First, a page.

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TLDR? Moshi is a delicious Japanese restaurant located in the heart of the big El Poblado neighborhood.
Medellin’s dining scene has begun to raise eyebrows from those in the know for the breadth and diversity of its offerings. It’s also known for the innovative spirit that inflects many of the more notable institutions in its oeuvre.
Among the places that have made their mark both locally and across the border is Moshi. It’s a hip and stylish purveyor of high-quality Japanese in the heart of Poblado.
Moshi offers sushi and izakaya classics as well with a personal spin. They create scrumptious and delightful versions of Japanese favorites. Here’s all the info you might want to be privy to if this sounds like something up your alley!
Moshi is located in a very central section in Poblado, right off some of the main boulevards.
It’s an easy walk if you’re staying in the area. And, if you’re not, taking a car or hopping on the metro to the Poblado stop will bring you about a 15-minute walk away.
Moshi is connected to a couple of other restaurants that are in the same complex, like Don Diablo and XO. Don’t worry about getting confused, though, as you’ll be greeted by a host who asks which venue you’re headed to.
The interior of Moshi is sleek, slick, and stylized. It has various homages to both ancient and contemporary Japanese culture. They’re all over, decorating the walls and bathrooms.
The atmosphere is cool yet cozy, enabling one to kick back and relax, even while you take note of the cool customers posted up at the tables and the bar.
The metropolitan atmosphere was also apparent in the attitude and look of the staff. Everyone working at the restaurant seemed like someone who I would want to take me to some local Medellin party.
That is to say, they were all young, hip, stylish, and smart. Not to mention friendly!
The menu at Moshi is fairly extensive, featuring several sections of offerings that are available. The drink menu is particularly hefty. It has a capacious selection of house cocktails, wines, champagnes, spirits, and local beers.
You can dive into the sushi menu a la carte and pick your favorites out. Or, let the house take you for a spin and provide you with a curated omasake mushi or omasake sushi bar. For my part, I split the difference between the traditional and the new.
I took on some tuna nigiri, a delicious spicy chili crab roll, and the centerpiece: a Japanese curry with an octopus named Tako Gohan.
The sushi fish was fresh and tasted that way, with the menu claiming that much of it was sourced from the nearby southern pacific.
The menu also featured several dishes that were inspired by other types of pan-Asian cuisine. Such as the Kao Pat Puu, a Thai-inspired crab fried rice decorated with fried shallots and other vittles.
Of course, the main issue at hand when you go out to eat is the food. The food at Moshi was prepared with dedication and care applied to the presentation, with each dish looking and tasting great.
However, possibly the second biggest impact on my dining experience at Moshi was the incredibly affable demeanor of the staff.
The service was professional yet friendly, with the staff interacting with me in ways that enhanced the dining experience. There were nice little touches, like where the bartender suggested a spin on the classic cocktail that I ordered. Indeed, it made it even tastier.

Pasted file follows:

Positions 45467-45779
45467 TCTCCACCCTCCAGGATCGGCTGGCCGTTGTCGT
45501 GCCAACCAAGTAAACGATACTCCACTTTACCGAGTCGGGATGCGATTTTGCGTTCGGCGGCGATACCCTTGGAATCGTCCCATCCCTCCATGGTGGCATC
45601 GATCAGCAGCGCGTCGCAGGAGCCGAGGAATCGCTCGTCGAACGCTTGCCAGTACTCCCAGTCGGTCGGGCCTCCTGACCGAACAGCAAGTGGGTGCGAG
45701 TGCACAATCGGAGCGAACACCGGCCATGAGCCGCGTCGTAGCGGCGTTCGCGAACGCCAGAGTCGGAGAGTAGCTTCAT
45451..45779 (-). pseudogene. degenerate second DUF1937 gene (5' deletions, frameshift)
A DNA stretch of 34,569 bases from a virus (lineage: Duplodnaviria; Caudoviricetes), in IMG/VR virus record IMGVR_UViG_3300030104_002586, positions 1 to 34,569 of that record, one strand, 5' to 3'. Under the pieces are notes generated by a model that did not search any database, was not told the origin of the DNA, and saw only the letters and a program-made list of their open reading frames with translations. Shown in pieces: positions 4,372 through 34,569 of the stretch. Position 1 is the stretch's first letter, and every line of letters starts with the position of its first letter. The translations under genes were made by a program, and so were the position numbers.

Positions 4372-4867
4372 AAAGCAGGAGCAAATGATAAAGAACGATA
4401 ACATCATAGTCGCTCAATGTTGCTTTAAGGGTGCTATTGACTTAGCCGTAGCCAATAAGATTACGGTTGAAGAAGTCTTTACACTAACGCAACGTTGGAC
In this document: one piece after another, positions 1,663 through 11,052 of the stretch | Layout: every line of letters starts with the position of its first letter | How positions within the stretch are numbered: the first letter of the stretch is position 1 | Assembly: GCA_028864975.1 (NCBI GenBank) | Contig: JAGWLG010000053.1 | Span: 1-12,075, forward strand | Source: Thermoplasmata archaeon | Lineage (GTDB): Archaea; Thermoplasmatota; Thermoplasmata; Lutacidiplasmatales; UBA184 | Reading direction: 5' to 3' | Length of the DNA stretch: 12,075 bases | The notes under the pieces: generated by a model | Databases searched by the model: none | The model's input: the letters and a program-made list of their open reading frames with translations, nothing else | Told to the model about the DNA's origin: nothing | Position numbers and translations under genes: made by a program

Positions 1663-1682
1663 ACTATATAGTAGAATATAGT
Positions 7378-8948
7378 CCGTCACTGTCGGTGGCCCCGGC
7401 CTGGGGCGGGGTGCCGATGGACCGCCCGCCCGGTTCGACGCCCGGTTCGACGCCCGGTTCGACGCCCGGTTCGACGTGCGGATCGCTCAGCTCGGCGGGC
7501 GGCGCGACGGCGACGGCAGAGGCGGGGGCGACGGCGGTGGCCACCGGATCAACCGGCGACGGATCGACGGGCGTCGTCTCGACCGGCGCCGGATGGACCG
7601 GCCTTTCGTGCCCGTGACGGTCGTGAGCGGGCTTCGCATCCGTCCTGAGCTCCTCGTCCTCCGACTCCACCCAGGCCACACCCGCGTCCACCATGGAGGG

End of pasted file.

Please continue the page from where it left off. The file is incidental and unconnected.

Given the variety in the menu, I felt like the venue warranted return visits considering that I didn’t even shell out for the chef’s omasake tasting!
The drink menu also included some fun social options, such as drinks that are intended for two people to drink.
Moshi is in the heart of the Poblado neighborhood, which is well known throughout the country for its wild and riotous nightlife.
There are countless other bars, restaurants, and attractions just a short jaunt away from Moshi. So the restaurant makes a perfect place to start a big night out either solo or with some friends.
Poblado is perhaps the most international and metropolitan section of the city of Medellin. So Moji fits right in, in terms of atmosphere and environment.
Even among the other cool places to eat in the area, Moshi wears a demure coolness that seems hard to beat and improbable to imitate.
Moshi is definitely on the higher end in terms of expense for Medellin.
The quality of the food, the environment’s entertainment, and the service’s professionalism serve to enforce that the restaurant deserves its position.
What you get at the restaurant is still quite affordable compared to what its equivalents would be in a place like New York. Even though it’s a bit more expensive than some of the other places you might be used to eating in Medellin.
I spent about $35 eating a three-course meal that would have cost me closer to $100 back home, just to give you a bit of insight into the ballpark price range.
Moshi is also one of the restaurants that come at a discount with the Caracol VIP Black Card. So, if you’re staying at a Casacol property and have received the card, you’ll have the added advantage of an additional discount on your tab.
When you’re perusing up and down the boulevards of Poblado, there’s no shortage of places trying to grab your attention and the dimes in your wallet.
It’s not always easy to determine the best place to grab your next bite. I think that Moshi is a strong contender for either lunch or dinner.
It’s all because of the fabulous food, the staff’s professional incisiveness, and the menu’s creativity.
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